As in any Celtic kingdom, their leader is elected, not hereditary. The tribes elect a chief, chiefs in an area elect a chieftan, chieftans elect kings over a larger area, and the kings elect the high king. The Aedui also elected magistrates, as their actual kingdom is somewhat small. Their sense of a quasi-democratic 'empire' precluded them from introducing too much land into the direct rule of the Aedui tribe themselves. The magistrates were elected from chieftans and kings, or from experienced judges, priests, or other 'higher' professions. Chiefs and chieftans acted as assembled representatives of their respective tribes, and were expected to act and conduct themselves in a manner to the benefit of their tribe. Despite this, the Aedui themselves continuously held substantial amounts of power over their allied tribes; Aedui were often elected to the positions of the three magistrates, called Gobre, or to that of the high magistrate, the Vergobret. The actual kings had little power outside of business and the military. They were military leaders, and part of the reason for their election was because they had a great deal of money, and often controlled businesses, allowing them to reward their soldiers and champions. The powers of the magistrates were similar to those of a king, as they held power over numerous tribes, though mainly as organizers. Since multiple kings and many noble houses had control of the 'Aedui' regions of Gaul, they required a man to organize them; thus, all kings in a region would answer to an appropriate magistrate, with reports of expedentures, soldiers, income, and other information pertinent to the running of a country. The people also elected local judges, called brehon, who elected higher judges, called verehon. They had power over even the kings and magistrates in matters of legality. The brehons could be removed if they were suspected of being unfair, and were punished most harshly if they abused the law. The higher one's station in society, the worse their punishment under the law. The concept of prisons for domestic criminals did not exist; even foreign prisoners were simply sent to slave markets to be held, and if they were not ransomed, were sold. Criminals would be fined, and if the fine could not be paid, they had to act as a servant of the offended family until it was paid, or be outcast. In the case of murder, if he was outcast, he could be legally killed by the offended family. In any case, the judge oversaw these disputes, and listened to arguments and evidence from both sides, and decided what party was in the wrong. If a prosecutor failed in a serious legal case, such as a murder, they would be fined slightly for false accusation, so as to dissuade false accusers. The elected judges also formed a seperate 'senate', through which they passed and modified law. This was a slow process; this model was still in use in post-Christian Celtic countries, such as the Irish and Welsh kingdoms, and it's notable that almost no laws changed over hundreds of years. A change to a law would be proposed, and the judge would take this proposal to his tribe. The tribe would vote for or against it, by majority rule, and the judge would return to the conclave, and give the tribe's results. A majority of votes on part of the judges' tribes was required to pass or veto the proposal.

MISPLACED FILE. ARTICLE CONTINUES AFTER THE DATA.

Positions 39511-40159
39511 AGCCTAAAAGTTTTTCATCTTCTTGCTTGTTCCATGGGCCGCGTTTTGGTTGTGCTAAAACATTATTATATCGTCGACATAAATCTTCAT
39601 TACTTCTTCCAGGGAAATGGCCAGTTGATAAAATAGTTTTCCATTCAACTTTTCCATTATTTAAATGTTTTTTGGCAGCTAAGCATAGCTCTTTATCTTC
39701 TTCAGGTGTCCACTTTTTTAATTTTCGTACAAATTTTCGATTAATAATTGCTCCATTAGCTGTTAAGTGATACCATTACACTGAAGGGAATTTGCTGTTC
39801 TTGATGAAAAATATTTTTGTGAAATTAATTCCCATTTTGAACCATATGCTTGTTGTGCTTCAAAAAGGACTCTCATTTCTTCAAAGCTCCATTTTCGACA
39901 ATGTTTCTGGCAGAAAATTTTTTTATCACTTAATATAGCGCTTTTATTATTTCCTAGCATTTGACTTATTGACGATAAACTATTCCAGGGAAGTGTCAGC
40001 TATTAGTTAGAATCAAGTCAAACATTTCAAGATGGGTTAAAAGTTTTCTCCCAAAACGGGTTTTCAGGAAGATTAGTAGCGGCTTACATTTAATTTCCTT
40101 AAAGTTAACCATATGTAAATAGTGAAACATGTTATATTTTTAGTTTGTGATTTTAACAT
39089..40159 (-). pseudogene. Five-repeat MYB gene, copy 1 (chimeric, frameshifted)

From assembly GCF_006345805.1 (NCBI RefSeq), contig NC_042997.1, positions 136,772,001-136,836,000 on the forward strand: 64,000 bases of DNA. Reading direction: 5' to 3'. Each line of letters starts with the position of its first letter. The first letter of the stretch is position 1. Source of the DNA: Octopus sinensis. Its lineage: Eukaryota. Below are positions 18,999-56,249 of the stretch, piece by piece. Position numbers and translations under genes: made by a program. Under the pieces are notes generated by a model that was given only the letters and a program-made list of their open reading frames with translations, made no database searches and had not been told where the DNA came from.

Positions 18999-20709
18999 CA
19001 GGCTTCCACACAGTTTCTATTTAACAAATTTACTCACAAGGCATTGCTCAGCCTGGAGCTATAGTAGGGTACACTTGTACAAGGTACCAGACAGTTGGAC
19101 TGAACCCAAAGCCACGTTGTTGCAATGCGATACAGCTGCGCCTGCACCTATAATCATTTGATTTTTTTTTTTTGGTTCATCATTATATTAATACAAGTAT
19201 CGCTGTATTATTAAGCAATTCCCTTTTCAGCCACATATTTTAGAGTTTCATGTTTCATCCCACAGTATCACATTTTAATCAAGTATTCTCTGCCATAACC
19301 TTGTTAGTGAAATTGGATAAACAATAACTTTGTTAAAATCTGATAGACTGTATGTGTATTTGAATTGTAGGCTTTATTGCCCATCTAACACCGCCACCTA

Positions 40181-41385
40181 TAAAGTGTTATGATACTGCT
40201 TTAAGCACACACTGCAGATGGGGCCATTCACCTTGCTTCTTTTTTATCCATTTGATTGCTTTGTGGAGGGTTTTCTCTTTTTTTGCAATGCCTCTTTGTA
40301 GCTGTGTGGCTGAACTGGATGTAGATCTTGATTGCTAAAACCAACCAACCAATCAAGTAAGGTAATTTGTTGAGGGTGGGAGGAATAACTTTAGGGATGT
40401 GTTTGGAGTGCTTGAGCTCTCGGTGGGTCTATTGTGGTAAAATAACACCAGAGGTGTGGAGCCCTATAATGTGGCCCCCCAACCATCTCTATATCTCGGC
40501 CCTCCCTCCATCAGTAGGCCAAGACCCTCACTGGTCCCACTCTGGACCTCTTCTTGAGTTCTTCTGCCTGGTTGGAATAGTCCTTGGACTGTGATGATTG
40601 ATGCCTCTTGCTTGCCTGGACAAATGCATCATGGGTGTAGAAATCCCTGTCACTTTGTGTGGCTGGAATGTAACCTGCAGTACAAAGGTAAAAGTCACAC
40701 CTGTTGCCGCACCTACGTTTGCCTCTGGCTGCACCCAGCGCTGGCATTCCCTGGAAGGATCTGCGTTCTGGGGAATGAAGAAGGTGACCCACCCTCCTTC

The Gauls were conquered or absorbed by the Romans. During the Roman conquests, they fought both as defenders, and alongside the invaders. The Gauls had expanded from their home though, and settled the kingdoms of Tylis and Galatia in Asia Minor. Galatia lasted longer than Gaul, in a cultural sense, though it was a puppet of its Roman allies for a long period, and was peacefully absorbed in 25 BC; however, the Galatian version of Gallic persisted longer than the Gallic language of Gaul. The legacy of the Gauls is quite extensive. It was Gallic influence that introduced many elements into the Roman military, and their proliferation as mercenaries led to their usage in almost every major conflict (whether as Gauls or as Galatians) during the period simulated here. So many Galatians found employ with the Ptolemaic Empire, that the Fayuum region of Egypt is still largely populated by tall, blonde hair, blue-eyed people; blood descedants of the Gauls. Gauls formed a great deal of the early Goidilic culture, in concert with Britons, Belgae, Galaecian Iberians, and the natives. The conquest of Gaul is notable for its difficulty, even after the tribes turned on one another, and the death of the professional warriors. The subsequent, short-lived rebellion by the Arverni chief, recalled by his title (not his name), Vercingetorix, was the last breath of the Gallic lands, and though ill-fated, is a sign of the fortitude of the Gallic people, who, even though they never experienced successes on that scale, continually rebelled or otherwise expressed disobedience for a long period. Even after conquest, Gallic soldiers, poetry, wine, and other crafts and arts were highly favored throughout the Roman empire as some of the finest available.